Long recognized as a model for academic excellence, the Irvine Unified School District continues to make gains on state assessments, posting an astonishing score of 924 on the most recent Academic Performance Index. Yet IUSD, along with nearly 80 percent of all school systems in Orange County, has recently been designated as a district in need of some improvement under a federal accountability system established by the No Child Left Behind Act.
How does a district like Irvine earn the so-called “Program Improvement” designation?
It gets a little complicated, but No Child Left Behind requires all districts that receive federal Title I funding to make what’s called “Adequate Yearly Progress,” or AYP, by hitting proficiency targets in English and math. These targets continue to rise each year, and it’s not enough for the student population as a whole to hit them; all significant subgroups must meet or exceed the same proficiency standards. (Additionally, schools are required to test at least 95 percent of their students and significant subgroups.)
Irvine easily surpassed its school-wide federal requirements in 2012, with 86.8 percent of its students rating proficient or better in English and 86.7 percent meeting that benchmark in math. (Those numbers are well above state and county averages.) But several statistically significant subgroups missed their targets in English and math for two consecutive years, triggering the status of Program Improvement. (You can learn more about Program Improvement by clicking here.)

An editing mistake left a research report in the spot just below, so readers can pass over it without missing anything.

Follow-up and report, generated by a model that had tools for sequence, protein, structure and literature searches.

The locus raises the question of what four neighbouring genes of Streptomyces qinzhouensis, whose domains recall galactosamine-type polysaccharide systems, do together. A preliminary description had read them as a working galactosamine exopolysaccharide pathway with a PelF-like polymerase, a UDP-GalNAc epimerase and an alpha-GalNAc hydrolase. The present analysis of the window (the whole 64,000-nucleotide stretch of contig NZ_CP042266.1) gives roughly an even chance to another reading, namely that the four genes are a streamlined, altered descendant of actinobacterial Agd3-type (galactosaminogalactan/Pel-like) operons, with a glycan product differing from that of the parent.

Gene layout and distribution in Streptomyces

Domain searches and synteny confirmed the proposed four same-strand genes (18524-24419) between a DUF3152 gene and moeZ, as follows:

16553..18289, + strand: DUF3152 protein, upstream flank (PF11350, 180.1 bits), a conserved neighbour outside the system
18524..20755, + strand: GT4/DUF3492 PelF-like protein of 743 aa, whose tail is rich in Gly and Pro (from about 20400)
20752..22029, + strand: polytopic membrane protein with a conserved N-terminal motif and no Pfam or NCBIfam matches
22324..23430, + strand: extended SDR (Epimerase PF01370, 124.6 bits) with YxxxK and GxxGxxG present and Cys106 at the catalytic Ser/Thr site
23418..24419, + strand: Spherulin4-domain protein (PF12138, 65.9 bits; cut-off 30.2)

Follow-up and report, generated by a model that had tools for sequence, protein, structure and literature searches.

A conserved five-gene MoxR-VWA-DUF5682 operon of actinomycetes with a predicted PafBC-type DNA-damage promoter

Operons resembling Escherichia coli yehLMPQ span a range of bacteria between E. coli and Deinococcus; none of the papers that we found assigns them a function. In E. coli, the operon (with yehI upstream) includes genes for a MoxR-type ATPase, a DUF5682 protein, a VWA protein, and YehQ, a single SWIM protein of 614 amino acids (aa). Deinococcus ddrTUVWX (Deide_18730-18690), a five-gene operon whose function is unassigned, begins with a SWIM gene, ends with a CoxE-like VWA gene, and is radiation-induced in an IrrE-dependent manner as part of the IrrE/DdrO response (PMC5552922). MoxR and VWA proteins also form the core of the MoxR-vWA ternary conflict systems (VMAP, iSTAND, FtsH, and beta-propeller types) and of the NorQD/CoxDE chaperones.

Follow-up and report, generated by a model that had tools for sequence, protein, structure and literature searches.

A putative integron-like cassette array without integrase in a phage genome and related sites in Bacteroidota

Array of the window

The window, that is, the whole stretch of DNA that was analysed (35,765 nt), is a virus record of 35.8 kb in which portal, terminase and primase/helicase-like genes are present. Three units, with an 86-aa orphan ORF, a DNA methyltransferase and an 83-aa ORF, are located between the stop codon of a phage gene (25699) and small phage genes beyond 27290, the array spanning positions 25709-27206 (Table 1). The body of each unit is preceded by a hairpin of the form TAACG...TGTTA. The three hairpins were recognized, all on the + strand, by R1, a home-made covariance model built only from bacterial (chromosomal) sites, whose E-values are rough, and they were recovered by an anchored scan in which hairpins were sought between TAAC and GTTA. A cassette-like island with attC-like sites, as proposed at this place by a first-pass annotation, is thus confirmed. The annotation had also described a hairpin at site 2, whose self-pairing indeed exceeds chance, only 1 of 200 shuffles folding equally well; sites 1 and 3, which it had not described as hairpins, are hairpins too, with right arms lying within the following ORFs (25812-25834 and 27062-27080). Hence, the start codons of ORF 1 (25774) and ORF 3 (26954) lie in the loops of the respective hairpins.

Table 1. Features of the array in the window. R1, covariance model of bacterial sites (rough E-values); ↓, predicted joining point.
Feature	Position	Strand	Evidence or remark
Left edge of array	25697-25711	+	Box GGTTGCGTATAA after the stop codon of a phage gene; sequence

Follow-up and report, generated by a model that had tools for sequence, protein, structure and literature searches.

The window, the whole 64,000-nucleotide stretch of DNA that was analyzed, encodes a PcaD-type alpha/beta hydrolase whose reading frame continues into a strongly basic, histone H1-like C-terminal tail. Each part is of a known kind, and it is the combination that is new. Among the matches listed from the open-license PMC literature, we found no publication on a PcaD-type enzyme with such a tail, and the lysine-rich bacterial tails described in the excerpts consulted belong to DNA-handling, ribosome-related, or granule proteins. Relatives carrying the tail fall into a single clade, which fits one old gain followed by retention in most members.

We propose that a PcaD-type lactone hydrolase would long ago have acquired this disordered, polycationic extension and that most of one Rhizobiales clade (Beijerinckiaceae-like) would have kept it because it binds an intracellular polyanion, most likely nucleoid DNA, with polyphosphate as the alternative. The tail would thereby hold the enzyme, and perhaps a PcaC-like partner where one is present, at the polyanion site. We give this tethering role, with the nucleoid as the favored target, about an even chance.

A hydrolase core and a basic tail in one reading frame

IUSD is far from alone with this designation. According to the Orange County Department of Education, 22 of 28 O.C. school districts, or about 79 percent, have already entered Program Improvement, and the rest will follow within two years. That’s because the federal proficiency benchmarks were designed to rise to 100 percent by 2014, meaning a school or district will be deemed in need of improvement unless every student demonstrates proficiency in English and math.
“Unless the law is amended, the rising tide of federal proficiency standards will place every school and district under water within two years,” said Alan Schlichting, IUSD’s director of student support services. “Nevertheless, we won’t back down from the goal of universal proficiency, as we aim to identify and meet the needs of each student.”
Irvine already has one of the highest Academic Performance Index scores in the state, and the district continues to make gains on state exams while collecting countless accolades. At the same time, IUSD has long stressed a philosophy of continuous improvement that applies to all levels of the organization. Schlichting said officials are working hard on a number of proven initiatives to continue IUSD’s upward trajectory, including strategies to leverage effective classroom technologies and the implementation of the new California Common Core standards, which promote a deeper level of thinking and reasoning.